One day, he voiced his thoughts to me: "There has to be a true patriot somewhere in this vast country. After all, it is probably best for an American to make the newspaper. It also has to be done in a professional way. Someone will pop up from somewhere." But contrary to his expectation, no volunteer appeared.

The Washington Post made full use of this opportunity. To secure its hold on the Washington market and prevent anyone else from entering the playing field, the Post scooped up, at throwaway prices, the entire facilities of the now bankrupt Star, including the all important offset presses.

This wasn't because it needed the presses. Rather, purchasing them meant that anyone who might attempt to establish a paper in Washington would have to wait at least two to three years while new presses were ordered, built, and delivered. Any possibility of reviving the Star was thus completely blocked.

Finally, Reverend Moon said, "If things continue this way, the United States will fall. If the United States falls, the world will fall. How can we just stand by and watch? Even if we have to sacrifice the entire Unification Church, we have no choice but to make a VOC [victory over communism] daily newspaper in Washington. If something doesn't change, President Reagan will be suffocated and forced into a crippling situation." After communion with God, this became Reverend Moon's grim resolution.

On New Year's Day of 1982, which our church calls God's Day because we conduct a ceremony to begin the year together with God; Reverend Moon made the following announcement during his sermon:

I waited for a long time. And I prayed to God about what He wants me to do about Washington and what He wants me to do to save America. The answer was always the same. God always told me to create a conservative, victory-over-communism daily newspaper in Washington.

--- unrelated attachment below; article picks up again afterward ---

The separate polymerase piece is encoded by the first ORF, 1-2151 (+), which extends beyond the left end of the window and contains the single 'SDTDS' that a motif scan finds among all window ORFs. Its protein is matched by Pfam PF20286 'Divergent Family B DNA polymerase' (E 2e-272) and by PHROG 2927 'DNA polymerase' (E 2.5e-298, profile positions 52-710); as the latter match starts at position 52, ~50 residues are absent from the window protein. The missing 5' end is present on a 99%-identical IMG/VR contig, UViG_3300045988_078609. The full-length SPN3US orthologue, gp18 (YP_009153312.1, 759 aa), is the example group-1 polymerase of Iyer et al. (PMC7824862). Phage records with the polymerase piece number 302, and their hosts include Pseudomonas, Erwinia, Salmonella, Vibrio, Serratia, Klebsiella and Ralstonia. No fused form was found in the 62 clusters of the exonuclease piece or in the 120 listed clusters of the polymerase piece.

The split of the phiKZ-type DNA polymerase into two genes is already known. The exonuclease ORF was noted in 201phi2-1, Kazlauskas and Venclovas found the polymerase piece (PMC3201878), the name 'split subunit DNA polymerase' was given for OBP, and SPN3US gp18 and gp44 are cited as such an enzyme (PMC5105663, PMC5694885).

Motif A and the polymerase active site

Publishing and running a newspaper is not the first or primary job of religion. In these emergency times, however, we cannot avoid taking up this mission. That's because this is the desire and Will of God. So I am declaring here on this God's Day that we will make a newspaper, one that can challenge the Washington Post and protect President Reagan. All Unification Church members around the world should now rise to this mission with every ounce of energy you possess!

The worldwide leadership of the Unification Church and the two thousand church members who had crowded into the hall cheered and applauded in response to this historical determination.

Reverend Moon continued:

Today I appoint Bo Hi Pak, who is currently president of the News World here in New York, as president of the daily we are going to make in Washington. The name of the paper will be the Washington Times. Bo Hi, I will also appoint two hundred of our members here today. Take them and the staff of the News World and go straightaway to Washington. You are starting as of today. Get the first edition out by March 1 [the anniversary of Korea's Samil independence movement] this year. OK?

Throughout the sermon, I was interpreting for Reverend Moon. Cold perspiration gathered on my brow in response to this completely unforeseen instruction. The sweat ran down my face.

With all my strength, I gave my response: "Yes!"